Howard – the gross is the absolute amount paid (adjusted for the rebate); the net is the gross contributions minus payments received from the EU under the CAP etc. This is the universally understood usage – see the link provided by Martin above. By the way, out of the 27 states only about six are net contributors and the rest are net beneficiaries. Victor

    • Andy Hurley says:

      In the article .he states X amount plus y amount less the rebate = the gross amount paid.
      That is the nett amount paid!.
      Remind me not to take your investment advice.

  • Nigie says:

    Costa is owned by Whitbread, a UK company paying UK corporation tax.

  • Anonymous Ed says:

    An interesting article. By the way, can you substantiate your comments on Costa? You may want to edit the article given:
    http://www.mirror.co.uk/news/politics/labour-mp-dawn-butler-apologises-10264439

  • N Relton says:

    The import duties Britain paid to Brussels 16 to 17 was i am given to understand was 6.5 billion

  • Martin James says:

    The £350m figure comes from HM Treasury publication. Treasury figure is not euros hence reason why no comment from mainstream press . If Boris had confused pounds and euros he would surely have faced the death penalty by now!

  • Andrew Wood says:

    From the gov.uk website
    “Usually you won’t get Housing Benefit if:
    you’re residing in the UK as an European Economic Area jobseeker”

    The rules changed in 2014 I think

    Working Tax Credit The basic amount is up to £1,960 a year but I did the calculation on the gov.uk site and using your assumptions you get zero tax credit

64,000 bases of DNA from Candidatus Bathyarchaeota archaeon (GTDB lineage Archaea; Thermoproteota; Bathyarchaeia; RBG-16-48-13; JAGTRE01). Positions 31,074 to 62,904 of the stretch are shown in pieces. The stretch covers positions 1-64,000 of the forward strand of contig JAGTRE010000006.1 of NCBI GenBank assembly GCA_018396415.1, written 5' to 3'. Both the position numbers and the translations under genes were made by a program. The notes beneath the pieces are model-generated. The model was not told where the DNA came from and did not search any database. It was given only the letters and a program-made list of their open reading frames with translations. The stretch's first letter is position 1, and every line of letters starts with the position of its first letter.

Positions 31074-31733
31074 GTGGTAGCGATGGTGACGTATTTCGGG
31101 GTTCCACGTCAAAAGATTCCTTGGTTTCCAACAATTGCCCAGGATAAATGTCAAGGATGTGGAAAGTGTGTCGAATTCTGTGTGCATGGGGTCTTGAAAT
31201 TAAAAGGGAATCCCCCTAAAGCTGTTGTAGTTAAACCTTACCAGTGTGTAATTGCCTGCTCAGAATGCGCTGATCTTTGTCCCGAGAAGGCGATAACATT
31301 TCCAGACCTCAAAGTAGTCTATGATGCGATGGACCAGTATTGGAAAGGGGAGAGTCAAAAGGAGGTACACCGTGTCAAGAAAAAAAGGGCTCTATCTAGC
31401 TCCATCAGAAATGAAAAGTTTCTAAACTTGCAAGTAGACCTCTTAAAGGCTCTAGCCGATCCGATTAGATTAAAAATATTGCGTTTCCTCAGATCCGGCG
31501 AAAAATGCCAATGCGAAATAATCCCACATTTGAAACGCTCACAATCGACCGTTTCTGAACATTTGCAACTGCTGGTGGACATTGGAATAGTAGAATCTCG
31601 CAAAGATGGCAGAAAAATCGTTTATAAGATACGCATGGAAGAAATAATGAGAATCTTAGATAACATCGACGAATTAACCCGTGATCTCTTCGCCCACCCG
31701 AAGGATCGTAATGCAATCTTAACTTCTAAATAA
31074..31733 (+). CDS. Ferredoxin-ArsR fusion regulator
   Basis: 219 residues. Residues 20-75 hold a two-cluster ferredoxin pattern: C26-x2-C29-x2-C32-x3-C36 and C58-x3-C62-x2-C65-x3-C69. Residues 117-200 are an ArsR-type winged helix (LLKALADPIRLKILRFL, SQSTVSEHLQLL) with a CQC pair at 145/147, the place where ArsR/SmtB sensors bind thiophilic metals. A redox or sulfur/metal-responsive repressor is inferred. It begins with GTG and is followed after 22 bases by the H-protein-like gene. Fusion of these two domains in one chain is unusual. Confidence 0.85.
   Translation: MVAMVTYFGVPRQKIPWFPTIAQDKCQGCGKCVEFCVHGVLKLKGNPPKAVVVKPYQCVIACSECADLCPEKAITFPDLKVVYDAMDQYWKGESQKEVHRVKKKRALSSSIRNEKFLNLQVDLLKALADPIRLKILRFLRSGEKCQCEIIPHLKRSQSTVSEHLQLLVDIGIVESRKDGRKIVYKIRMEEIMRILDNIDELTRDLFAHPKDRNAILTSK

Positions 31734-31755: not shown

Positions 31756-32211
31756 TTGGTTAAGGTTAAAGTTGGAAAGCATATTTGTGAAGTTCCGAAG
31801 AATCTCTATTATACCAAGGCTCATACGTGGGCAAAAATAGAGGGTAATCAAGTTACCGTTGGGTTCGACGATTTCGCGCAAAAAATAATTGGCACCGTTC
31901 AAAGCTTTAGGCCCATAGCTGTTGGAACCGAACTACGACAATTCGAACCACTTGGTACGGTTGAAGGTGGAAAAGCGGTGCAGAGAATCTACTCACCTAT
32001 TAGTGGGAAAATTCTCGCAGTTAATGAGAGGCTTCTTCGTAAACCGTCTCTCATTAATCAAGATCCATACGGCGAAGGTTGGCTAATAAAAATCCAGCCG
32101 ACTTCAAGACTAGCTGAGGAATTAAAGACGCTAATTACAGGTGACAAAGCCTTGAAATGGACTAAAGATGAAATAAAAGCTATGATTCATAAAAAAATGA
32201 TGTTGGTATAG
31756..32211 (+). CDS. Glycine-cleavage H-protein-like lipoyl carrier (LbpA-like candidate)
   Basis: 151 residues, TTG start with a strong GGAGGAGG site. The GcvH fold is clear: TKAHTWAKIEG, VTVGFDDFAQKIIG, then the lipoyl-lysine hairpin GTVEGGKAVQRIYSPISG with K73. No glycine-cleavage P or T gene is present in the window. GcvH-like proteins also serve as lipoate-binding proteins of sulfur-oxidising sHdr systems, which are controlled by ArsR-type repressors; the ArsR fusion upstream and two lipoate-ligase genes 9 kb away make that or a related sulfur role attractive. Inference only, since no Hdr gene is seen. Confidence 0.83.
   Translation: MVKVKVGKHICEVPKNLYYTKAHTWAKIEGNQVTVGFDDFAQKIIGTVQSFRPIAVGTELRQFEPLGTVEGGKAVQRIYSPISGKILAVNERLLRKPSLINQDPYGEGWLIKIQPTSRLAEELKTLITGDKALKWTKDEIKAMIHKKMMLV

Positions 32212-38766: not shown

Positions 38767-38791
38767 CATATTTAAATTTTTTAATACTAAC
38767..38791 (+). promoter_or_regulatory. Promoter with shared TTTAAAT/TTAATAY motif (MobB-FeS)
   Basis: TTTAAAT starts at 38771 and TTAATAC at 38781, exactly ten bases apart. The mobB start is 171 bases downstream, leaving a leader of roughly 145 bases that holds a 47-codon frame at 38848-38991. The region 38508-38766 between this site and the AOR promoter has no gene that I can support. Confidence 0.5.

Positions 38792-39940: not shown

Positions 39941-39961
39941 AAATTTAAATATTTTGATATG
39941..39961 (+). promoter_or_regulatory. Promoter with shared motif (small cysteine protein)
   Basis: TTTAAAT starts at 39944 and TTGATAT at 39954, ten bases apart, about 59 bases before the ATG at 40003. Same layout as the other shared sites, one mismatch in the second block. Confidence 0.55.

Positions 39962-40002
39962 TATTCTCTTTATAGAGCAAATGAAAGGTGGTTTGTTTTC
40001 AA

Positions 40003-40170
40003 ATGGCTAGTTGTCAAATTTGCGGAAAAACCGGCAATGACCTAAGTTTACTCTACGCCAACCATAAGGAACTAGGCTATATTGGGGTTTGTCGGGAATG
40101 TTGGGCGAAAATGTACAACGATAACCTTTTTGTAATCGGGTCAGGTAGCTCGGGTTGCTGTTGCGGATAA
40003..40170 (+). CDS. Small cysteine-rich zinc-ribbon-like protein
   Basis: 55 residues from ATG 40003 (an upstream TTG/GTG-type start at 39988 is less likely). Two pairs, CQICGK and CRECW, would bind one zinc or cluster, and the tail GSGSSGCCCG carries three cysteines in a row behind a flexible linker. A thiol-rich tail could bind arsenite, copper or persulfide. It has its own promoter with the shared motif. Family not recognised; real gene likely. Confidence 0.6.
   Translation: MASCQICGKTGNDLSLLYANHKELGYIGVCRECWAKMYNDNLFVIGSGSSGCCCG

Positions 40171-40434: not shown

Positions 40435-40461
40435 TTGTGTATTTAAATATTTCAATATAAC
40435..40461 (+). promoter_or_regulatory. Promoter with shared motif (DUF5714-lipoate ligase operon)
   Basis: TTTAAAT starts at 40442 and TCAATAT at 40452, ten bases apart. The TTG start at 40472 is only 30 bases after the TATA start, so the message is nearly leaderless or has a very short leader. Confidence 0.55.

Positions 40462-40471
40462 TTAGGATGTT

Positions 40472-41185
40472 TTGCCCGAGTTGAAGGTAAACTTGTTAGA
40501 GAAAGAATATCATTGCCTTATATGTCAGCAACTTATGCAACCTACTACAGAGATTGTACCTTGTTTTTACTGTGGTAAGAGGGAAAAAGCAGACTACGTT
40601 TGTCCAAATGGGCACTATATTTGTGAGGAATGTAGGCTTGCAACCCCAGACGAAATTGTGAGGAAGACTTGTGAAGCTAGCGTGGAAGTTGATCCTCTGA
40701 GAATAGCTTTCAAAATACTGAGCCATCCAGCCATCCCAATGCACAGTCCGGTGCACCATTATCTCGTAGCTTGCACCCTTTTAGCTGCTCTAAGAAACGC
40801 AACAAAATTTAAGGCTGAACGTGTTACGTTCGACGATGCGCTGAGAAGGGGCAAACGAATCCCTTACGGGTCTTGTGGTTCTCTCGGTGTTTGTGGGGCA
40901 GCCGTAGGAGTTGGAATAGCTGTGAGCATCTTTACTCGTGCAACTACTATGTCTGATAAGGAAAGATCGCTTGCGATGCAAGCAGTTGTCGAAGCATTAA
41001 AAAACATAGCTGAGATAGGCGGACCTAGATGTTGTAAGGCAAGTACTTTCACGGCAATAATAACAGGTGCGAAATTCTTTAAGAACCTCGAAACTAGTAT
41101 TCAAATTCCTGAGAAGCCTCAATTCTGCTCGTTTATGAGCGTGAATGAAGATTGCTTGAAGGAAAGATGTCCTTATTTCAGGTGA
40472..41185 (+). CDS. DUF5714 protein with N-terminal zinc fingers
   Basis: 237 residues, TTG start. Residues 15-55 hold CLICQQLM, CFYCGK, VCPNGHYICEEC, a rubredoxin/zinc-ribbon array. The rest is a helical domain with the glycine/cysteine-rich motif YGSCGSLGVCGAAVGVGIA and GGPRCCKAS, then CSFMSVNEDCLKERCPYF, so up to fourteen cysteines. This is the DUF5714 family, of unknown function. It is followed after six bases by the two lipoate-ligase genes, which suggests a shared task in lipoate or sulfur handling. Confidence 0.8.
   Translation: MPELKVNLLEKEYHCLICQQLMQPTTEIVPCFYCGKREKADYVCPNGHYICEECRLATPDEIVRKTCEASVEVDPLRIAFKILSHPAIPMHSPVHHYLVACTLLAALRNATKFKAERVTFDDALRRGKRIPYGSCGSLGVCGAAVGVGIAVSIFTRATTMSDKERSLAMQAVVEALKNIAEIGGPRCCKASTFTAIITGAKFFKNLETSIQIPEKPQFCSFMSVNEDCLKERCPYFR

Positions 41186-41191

• Alan couch says:

    Many thanks for best artical I have read for a long time.

  • Les Jones says:

    I picked up on the ‘Costa problem’ also. I’d suggest finding a new name for your theory and change the references in this article as it undermines the rigour of your overall argument. Otherwise a really good piece which I shall share widely.

  • Thicko Jon says:

    hands up if your are totally confused?

  • Mark M says:

    If Costa et al staff need to claim housing benefit and tax credits then £8.45 is not a living wage, is it. In any case your figures are wrong as such a staff member would get zero tax credits and would have to pay £685 per month rent from their income – a shared house with 4 people in zone 2 or 3 is likely to cost £2400 per month (£600 each) – which would also give them zero housing benefit. Your article’s attempt to sound clever and the inclusion of such errors undermines any pertinent points that you do have (such as disproportionate agriculture subsidies). You have fallen into the trap of jumping on the immigration bandwagon in order to justify leaving the EU and you do your investor readership a disservice by spreading and justifying false and misleading statistics.

    • Heidi says:

      Absolutely – I have just been through the .gov calculators, and the salary quoted in the article means the “baristas” would be entitled to zero benefits.